Europe’s perception of American design has always been mutable. For decades the USA was a haven for designers and theorists from the old continent, who found a productive world in which simplification and pragmatism triumphed over stylistic and decorative logic.
Just consider the Fordist model of factory organization and the production line, a reference point for years for Olivetti and all enlightened businessmen in Europe. American design has always been proud of its industrial character, its dimension of belonging to real everyday life.
It is no coincidence that the first designer to make the cover of a mass-market news magazine was Raymond Loewy, on the cover of Time; a symptom of the popularity and familiarity of industrial products in American starting in the 1930s.
During the postwar era two giants of the furniture industry came to the fore: Knoll, with its international vocation, its focus on the European masters of rationalism, and Miller, with a catalogue that boasted authentically American roots, and a lifestyle that taught the American people a nonchalant approach to living.
Which corresponded to design philosophies perfectly personified by Saarinen, the great architect who designed furniture with Knoll to round out his idea of space, and the Eames, who with Miller experimented with forms, materials and colors, but also with communication in all its aspects.
While these examples remain milestones familiar to many of the history of design Made in USA, the same familiarity cannot be found when it comes to the contemporary state of the art in America, in a context of great economic potential, but one that in many ways has yet to be investigated.
A country where with respect to Europe design does not inevitably rhyme with decor, and instead offers advanced examples in other product areas: Nike, Apple, Google are just a few of the companies that make American design a synonym for excellence in different sectors.
In these cases, furthermore – except for Apple, which for years has stated the central role of the figure of Jonathan Ive – the product and the brand usually overshadow their authors. Yet American schools turn out hundreds of talented graduates each year, with the most promising emerging from the Rhode Island School of Design (RISD), the Savannah College of Art and Design (SCAD) and the legendary Cranbrook Academy of Art (that of Eames, Saarinen, Bertoia and Florence Schust).
Historically, one field of activity where American designers have always stood out is that of graphics. Just consider the fact that the most visited design blog in the world, with about a million visits per month, is Design Observer, founded by Michael Bierut, a graphic designer of the famous studio Pentagram.
Nevertheless, the American scene still has something elusive about it, hard to encode. Marc Benda, owner of the Friedman Benda Gallery of New York, one of the world’s leading talent scouts, says that “the design scene in the US has transformed itself over the past few years.
A young generation of highly individualistic creators is emerging. What’s fascinating is that they’re building a new understanding of American contemporary design, rather than rely on tradition. Often, this intersects with contemporary thought in sculpture and an approach to creation that is intuitive and craft-based. US design is becoming very expressive and gestural, rather than remain tied to the functionality of its objects.”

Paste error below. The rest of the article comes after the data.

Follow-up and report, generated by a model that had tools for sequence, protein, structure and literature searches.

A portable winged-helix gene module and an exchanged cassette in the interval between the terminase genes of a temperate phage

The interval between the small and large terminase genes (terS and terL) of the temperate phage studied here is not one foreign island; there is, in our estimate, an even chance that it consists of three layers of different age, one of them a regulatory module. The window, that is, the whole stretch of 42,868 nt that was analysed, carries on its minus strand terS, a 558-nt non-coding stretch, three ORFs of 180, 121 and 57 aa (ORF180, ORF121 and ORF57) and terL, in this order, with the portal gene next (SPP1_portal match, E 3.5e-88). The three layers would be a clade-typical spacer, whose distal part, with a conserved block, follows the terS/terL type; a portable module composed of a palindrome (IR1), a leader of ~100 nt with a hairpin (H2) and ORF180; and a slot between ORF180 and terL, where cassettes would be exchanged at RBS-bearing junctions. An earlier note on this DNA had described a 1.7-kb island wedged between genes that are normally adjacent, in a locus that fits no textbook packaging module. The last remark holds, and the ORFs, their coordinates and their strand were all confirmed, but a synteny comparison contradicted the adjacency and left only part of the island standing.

This is confirmed by the presence of American talents among the gallery’s choices, who not by chance are among the youngest in the catalogue, together with the Dutch. Observing the works of Adam Silvermann, Chris Schank and Misha Kahn, there can be little doubt that the territory of reference is that of Art Design and of the mixing of genres, certainly a far cry from the repetitive character of industrial production.
Steven Haulenbeek, a designer based in Chicago, speaks of his sculptural background, though his approach seems more international, closer to that of many European colleagues and contemporaries. “I started my education and career as a sculptor,” he says, “and then transitioned to industrial design, but today I have settled in the gray area between the two. I am most interested in material exploration and discovery of new fabrication processes, as can be seen in my latest works.”
Pieces Steven sells independently or through online platforms, thanks to e-commerce which in the USA is accepted as normal, much more than it is in our country.
All the players on the contemporary American scene seem to agree on one point: American design cannot be defined in a single perspective, as it is composed of cultural and geographical realities that are too vast to find absolute lines of identity.
But at the same time the figure of the new designer embodies an entrepreneurial approach that was perhaps not so familiar or feasible for previous generations. Marc Thorpe is a typical example of how an individual can create a small business, with a studio that operates in the areas of both limited editions and serial products, crafts and large international corporations.
Squeezing him into the category of the young American design would not do justice to the range of his activities, and neither can the portrait composed of many little faces be made to emerge as the only authentic assessment of the scene.
“I always had a very difficult time being labeled an American designer,” Thorpe says from his studio in New York. “My understanding of American design is that it’s sort of an empty slogan – it doesn’t really exist. America is not a style, America is an idea. And the idea is about diversification and having your own voice.”
The only sure thing, then, is that the America of design today is pluralist, and it is certainly not interested in designing – or erecting – walls to shut out the rest of the world.
Text by Domitilla Dardi